Harvard has more black students than ever, but are they African-American?

OPINION - The irony is that the multicultural inclusiveness that is desired by colleges and universities is the same thing that can distort the numbers for black students...

Luther Vandross was outed as gay after his death.

Harvard University made news this month when the Harvard Gazette reported that 11.8 percent of its incoming class of 2015 will be black students. There was rejoicing as this appeared to be a clear sign that African-American students were gaining access to a top university, and it appears to be a record amount of black admissions. Even The Guardian newspaper in the UK lauded the increased diversity, noting in contrast that England’s renowned Oxford University had recently come under fire from Prime Minister David Cameron for its lack of black students.

While Harvard should rightfully be lauded for increasing its diversity — numbers were up for Latino and Asian students also — what no one talks about are the new federal regulations that instruct schools on how to report, or not report, race and nationality.

According to the Journal of Blacks in Higher Education, the number of black students at top U.S. schools is rising. Columbia University has doubled its percentage of black students from 6 percent to 12 percent in only one year. Ten percent of Stanford students are identified as black, and Massachusetts Institute of Technology (MIT), an institution that has struggled to admit blacks, has seen a rise to over 9 percent of new black students. But like all things, the devil is in the details.

“This year the federal government has changed the rules for how schools count and report ethnicity. In the past, if a student self-identified as both African-American and white, or both African-American and Hispanic, the student would be counted as African-American,” said Jeff Brenzel, dean of undergraduate admissions at Yale University.

“Now the federal government has changed the definitions so that any student reporting multiple races must be reported separately under the ‘two or more races’ category — one that has not been used in the past. Also, if an individual reports himself or herself as Hispanic, this category now ‘trumps’ all other categories,” Brenzel said. “So statistics going forward will be very difficult to compare apples to apples to statistics from the past. We are working on a way now to make a separate public report that would provide an indication of how many students total self-identify as African-American as at least one ethnicity.”

These new regulations serve to either tamp down an accurate tally of black students, or can artificially prop up the numbers of other ethnicities, experts say. So a Dominican or Brazilian with dark skin can check “Hispanic” and she’ll not be counted as a black student.

The irony is that the multicultural inclusiveness that is desired by colleges and universities, and African-Americans, is the same thing that can distort the numbers for black students.

And this isn’t the only area where there’s controversy. There’s also competition with the black community for spots in colleges. With increased immigration from Africa and the Caribbean, you now have Nigerians, Ghanaians, Jamaicans, and other nationalities all competing with native born African-Americans. And colleges and universities, for the most part, aren’t reporting on the numbers. “We do not differentiate among African-American students according to their national backgrounds, nor could we as there is no question on the common application that asks this question,” said Brenzel.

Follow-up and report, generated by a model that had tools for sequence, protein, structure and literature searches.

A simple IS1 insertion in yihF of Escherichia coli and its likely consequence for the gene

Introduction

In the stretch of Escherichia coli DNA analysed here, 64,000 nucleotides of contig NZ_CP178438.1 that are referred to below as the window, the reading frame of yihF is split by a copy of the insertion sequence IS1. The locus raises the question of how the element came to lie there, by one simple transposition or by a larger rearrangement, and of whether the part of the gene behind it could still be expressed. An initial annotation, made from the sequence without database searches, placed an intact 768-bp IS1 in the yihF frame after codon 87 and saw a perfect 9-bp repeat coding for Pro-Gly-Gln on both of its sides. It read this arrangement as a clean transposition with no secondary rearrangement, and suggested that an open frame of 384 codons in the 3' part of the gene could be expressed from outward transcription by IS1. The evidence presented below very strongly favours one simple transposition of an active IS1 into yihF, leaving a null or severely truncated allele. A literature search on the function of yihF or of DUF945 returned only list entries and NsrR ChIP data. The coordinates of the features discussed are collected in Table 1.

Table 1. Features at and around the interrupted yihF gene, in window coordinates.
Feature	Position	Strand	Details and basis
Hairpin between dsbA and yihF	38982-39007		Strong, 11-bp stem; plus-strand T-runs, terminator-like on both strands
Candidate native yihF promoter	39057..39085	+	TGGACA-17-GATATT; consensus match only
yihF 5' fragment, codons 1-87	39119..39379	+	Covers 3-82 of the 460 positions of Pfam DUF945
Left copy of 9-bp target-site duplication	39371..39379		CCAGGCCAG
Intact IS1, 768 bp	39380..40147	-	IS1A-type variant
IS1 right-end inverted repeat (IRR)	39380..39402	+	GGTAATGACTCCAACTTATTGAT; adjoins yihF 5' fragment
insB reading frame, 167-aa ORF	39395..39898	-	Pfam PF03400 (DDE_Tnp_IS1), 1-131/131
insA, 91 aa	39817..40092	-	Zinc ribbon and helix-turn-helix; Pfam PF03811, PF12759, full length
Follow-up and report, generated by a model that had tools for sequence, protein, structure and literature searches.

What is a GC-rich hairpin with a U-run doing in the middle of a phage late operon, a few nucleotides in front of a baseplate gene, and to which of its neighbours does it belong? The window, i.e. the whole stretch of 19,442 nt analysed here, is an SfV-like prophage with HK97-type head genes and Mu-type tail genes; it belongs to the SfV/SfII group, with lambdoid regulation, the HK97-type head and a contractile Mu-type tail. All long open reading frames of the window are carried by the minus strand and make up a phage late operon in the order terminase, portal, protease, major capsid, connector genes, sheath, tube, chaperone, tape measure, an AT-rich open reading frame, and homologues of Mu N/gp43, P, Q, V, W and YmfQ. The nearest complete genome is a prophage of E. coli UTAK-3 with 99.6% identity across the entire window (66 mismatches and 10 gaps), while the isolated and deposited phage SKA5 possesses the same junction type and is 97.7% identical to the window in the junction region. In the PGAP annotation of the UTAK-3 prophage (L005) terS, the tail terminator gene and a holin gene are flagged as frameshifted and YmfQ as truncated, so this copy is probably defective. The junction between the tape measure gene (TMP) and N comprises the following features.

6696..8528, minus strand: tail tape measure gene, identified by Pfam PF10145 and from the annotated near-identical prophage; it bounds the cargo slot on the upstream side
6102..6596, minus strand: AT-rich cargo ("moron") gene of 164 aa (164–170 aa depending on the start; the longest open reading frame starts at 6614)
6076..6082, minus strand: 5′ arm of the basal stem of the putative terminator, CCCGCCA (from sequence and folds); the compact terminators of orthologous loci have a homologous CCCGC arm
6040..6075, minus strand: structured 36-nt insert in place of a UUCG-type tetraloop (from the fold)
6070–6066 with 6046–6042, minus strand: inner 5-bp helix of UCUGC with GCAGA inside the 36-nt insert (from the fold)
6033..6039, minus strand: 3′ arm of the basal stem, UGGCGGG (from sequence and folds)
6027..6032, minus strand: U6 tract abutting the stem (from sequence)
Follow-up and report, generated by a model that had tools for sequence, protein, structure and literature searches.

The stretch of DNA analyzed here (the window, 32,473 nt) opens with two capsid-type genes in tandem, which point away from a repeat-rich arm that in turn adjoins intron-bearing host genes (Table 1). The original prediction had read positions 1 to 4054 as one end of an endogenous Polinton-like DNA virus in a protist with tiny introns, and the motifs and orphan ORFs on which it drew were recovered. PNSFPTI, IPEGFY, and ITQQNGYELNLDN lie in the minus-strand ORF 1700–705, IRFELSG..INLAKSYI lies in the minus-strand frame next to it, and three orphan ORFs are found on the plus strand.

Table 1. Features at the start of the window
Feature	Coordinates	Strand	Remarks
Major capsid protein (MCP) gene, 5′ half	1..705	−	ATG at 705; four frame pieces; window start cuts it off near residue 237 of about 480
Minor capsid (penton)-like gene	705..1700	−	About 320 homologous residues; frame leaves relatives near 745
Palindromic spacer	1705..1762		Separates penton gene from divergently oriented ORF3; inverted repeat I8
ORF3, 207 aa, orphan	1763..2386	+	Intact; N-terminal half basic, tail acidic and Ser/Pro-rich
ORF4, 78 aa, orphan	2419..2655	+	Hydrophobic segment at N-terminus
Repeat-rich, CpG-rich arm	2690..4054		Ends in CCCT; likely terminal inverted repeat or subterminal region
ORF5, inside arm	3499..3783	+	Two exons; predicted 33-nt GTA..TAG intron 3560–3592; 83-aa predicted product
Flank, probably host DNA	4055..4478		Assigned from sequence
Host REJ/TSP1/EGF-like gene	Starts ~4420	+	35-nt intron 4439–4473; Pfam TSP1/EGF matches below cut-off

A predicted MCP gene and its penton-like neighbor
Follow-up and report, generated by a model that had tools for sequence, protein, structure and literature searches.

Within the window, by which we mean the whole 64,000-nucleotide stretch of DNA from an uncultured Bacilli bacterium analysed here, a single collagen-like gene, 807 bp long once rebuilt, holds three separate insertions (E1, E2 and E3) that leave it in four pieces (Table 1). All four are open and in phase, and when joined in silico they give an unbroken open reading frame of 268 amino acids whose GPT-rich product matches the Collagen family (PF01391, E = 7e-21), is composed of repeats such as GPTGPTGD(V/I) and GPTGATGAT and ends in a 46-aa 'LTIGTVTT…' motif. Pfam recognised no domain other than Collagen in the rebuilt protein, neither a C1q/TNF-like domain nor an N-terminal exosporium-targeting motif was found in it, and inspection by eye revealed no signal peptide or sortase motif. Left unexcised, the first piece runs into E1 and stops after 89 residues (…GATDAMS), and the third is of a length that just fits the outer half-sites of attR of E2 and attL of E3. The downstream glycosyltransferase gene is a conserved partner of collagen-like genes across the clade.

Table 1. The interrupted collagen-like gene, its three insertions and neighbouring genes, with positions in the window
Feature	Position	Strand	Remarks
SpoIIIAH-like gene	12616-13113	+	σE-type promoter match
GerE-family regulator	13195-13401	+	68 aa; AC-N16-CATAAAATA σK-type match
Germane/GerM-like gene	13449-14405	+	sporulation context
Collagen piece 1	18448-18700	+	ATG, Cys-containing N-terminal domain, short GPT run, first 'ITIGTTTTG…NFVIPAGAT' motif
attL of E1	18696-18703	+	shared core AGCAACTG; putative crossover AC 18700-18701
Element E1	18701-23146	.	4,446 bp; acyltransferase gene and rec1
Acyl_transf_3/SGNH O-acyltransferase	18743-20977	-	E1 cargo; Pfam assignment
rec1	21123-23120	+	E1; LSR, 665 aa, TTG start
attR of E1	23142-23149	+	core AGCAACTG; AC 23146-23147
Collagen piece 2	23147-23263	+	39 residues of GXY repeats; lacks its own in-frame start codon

Back in 2007, African students constituted nearly 40 percent of the black students admitted to Ivy League schools. Why is that troubling for African-American students? It’s not that African-American students begrudge African and Caribbean students for their success, but their admittance often gives opponents of affirmative action an argument that racism is no longer an obstacle, simply because of their success.

The Wall Street Journal’s, James Taranto wrote in 2007 that, ”…at least as measured by enrollment in elite universities, black immigrants and their children are succeeding in America far more, on average, than blacks whose families have been in the U.S. for generations — i.e., the descendants of slaves. This is a strong argument against the proposition that black underachievement in America is primarily the result of present-day racism.”

But that argument compares apples and oranges, equating the different experiences of African-Americans and African immigrants on color of ones skin. Racism against African-Americans has been and is systemic and generational. Disparities deliberately built into public policy like failing schools, the prison industrial complex, the legacy of slavery and economic apartheid, all contribute to make the African-American experience in the United States much different than the African immigrant experience.

And this is where African-Americans advocating colleges and universities with more diversity are in a paradox.

While there is a desire to see black students on campuses at levels close to the 14 percent black population in the United States, and that means access for African and Caribbean students, there’s also a desire to make sure that African-American students aren’t shuffled to the side in that effort.

To put a another spin on a classic Jungle Brothers lyric, “black is black is black is black” might not be true, especially if enough native born African Americans aren’t gaining access to the Harvards and Yales of the world.